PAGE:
Recently, I have been considering a post about the encroachment of government into the lives of individuals. While I live in Canada and clearly have a better handle on issues here than I do elsewhere, I have found myself fascinated by events in Europe and America (partly because Canada’s problems aren’t as immediately pressing).
Today, the SCOTUS decided that the individual mandate portion of the Obamacare program is constitutional. I read through the decision, including the arguments of Roberts and Ginsberg in support and the dissent by Scalia, Kennedy, Thomas and Alito. I will say that I found the decision as written by Roberts to be well written and well argued. The supporting argument by Ginsberg seemed unnecessary. The dissent was too partisan, in my opinion, and failed to make as good a legal argument. However, I think the problem is not that the SCOTUS misread the precedents or the statutes. I honestly don’t think SCOTUS made a bad decision – the problem isn’t a simple legal question. The ability of the state to use taxation to influence social behaviour is well accepted, particularly since the 1940s. My problem is that while the US government will impose a tax on those who don’t buy health insurance, I don’t see how this money flows to the insurance industry to help hold down rates. It seems like just a revenue grab for the federal government, and insurance rates will not fall for the reasons given by the Chief Justice.
There are a number of problems in the US health insurance system – problems largely created by government. Many of the states have imposed regulations on health insurance plans, forcing insurance companies to bundle coverage and forcing consumers to pay for bundles that contain coverage they may not want or need. This drives up insurance costs, perhaps as much as does the failure of some to procure insurance and the need for health care providers to recover costs of treating the uninsured against those who do have insurance. The other problem is that Medicare and Medicaid provide rich coverage at taxpayer expense, and when you have that many people covered by the state there is little incentive to hold down costs because the consumer doesn’t see the cost and doesn’t have to make economic decisions on health care. If the states did not force bundled coverage, health care costs would be lower and more people would purchase health insurance. For instance – catastrophic health insurance should be available that doesn’t cover mundane care such as check ups or minor procedures.
The Chief Justice writes that the power of the federal government has expanded in the 220 years since the US constitution was drafted, particularly through it’s power to regulate commerce and raise taxes. This should not be an excuse to allowing further growth in the power of the government. I think he should have relied more fundamentally on the idea that “any powers not explicitly given to the federal government are left to the States and the People”.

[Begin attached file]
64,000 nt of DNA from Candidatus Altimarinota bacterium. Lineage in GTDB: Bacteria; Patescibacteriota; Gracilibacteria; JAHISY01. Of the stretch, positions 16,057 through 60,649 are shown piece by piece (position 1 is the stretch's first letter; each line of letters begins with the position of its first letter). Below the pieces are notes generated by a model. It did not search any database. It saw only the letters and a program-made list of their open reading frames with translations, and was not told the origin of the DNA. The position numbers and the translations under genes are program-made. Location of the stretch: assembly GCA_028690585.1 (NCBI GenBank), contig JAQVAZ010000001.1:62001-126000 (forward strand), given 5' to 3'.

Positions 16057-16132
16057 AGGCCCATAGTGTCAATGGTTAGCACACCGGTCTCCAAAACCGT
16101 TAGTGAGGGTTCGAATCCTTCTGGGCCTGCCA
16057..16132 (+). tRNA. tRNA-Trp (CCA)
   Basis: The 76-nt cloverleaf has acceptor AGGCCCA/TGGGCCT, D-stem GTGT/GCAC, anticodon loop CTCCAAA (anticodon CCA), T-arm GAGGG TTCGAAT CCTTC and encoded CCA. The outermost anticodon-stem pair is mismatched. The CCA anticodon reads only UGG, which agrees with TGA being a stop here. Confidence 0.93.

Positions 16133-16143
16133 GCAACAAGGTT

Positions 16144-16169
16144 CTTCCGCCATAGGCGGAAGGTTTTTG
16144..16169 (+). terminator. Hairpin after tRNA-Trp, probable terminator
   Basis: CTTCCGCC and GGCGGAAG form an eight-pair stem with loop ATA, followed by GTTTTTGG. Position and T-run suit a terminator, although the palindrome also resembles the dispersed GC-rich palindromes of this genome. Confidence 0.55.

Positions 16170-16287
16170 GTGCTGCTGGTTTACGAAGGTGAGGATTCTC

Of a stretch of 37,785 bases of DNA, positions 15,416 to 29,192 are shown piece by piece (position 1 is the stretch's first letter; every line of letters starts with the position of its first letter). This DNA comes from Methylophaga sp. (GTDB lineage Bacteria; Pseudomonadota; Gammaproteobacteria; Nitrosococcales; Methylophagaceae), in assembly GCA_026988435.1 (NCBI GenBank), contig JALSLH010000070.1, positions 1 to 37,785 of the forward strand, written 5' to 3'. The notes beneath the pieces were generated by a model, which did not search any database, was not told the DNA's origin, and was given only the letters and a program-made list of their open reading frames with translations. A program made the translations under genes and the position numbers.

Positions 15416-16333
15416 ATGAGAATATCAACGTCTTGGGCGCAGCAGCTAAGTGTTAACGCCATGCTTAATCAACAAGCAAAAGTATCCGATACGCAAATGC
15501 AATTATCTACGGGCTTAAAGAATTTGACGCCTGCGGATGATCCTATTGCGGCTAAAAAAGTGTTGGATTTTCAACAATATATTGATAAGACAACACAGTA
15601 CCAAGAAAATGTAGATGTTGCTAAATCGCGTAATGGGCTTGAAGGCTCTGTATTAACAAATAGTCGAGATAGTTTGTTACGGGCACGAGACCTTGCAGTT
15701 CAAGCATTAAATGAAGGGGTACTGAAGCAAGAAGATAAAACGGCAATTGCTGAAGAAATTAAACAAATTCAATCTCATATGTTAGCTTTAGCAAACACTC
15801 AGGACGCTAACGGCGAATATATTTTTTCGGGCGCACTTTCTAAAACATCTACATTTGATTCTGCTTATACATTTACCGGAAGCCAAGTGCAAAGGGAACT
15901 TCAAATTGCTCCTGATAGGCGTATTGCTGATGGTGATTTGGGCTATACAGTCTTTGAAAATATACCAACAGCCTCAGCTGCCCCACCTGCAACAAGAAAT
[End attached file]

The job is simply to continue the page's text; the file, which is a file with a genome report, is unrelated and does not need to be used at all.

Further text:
The growth of national/federal governments has reduced the Liberty of the citizens, regardless of whether we are talking about the USA, Europe or Canada. Federal governments have used their substatial taxation powers to bribe the states/provinces and the people into giving up freedom in return for being “taken care of”.
However, this leads to to ever growing government that is less and less responsive to the people. Europe is going bankrupt because the people don’t understand that the state doesn’t have unlimited funds to pay for lavish pensions, health care, education and welfare programs. America is heading down a similar road, with Canada not far behind.
Alexis de Toqueville wrote in the early 19th century that the strength of America came from it’s focus on local government. The federal and state governments, at that time, had limited powers, limited revenues and limited involvement in the regulations that governed business or day to day life. This is no longer the case, and is not the case in Canada or in Europe. As government has raised more money and expanded it’s programs, we have lost much of the liberty our forefathers in America and Canada believed so strongly in. Europe is in even more dire straights, because the populous and leaders of many EU states still fail to understand you can’t live on borrowed money forever. Proposals to expand the federal powers of the EU, to include fiscal oversight will accelerate the downfall of Europe as a civilized society.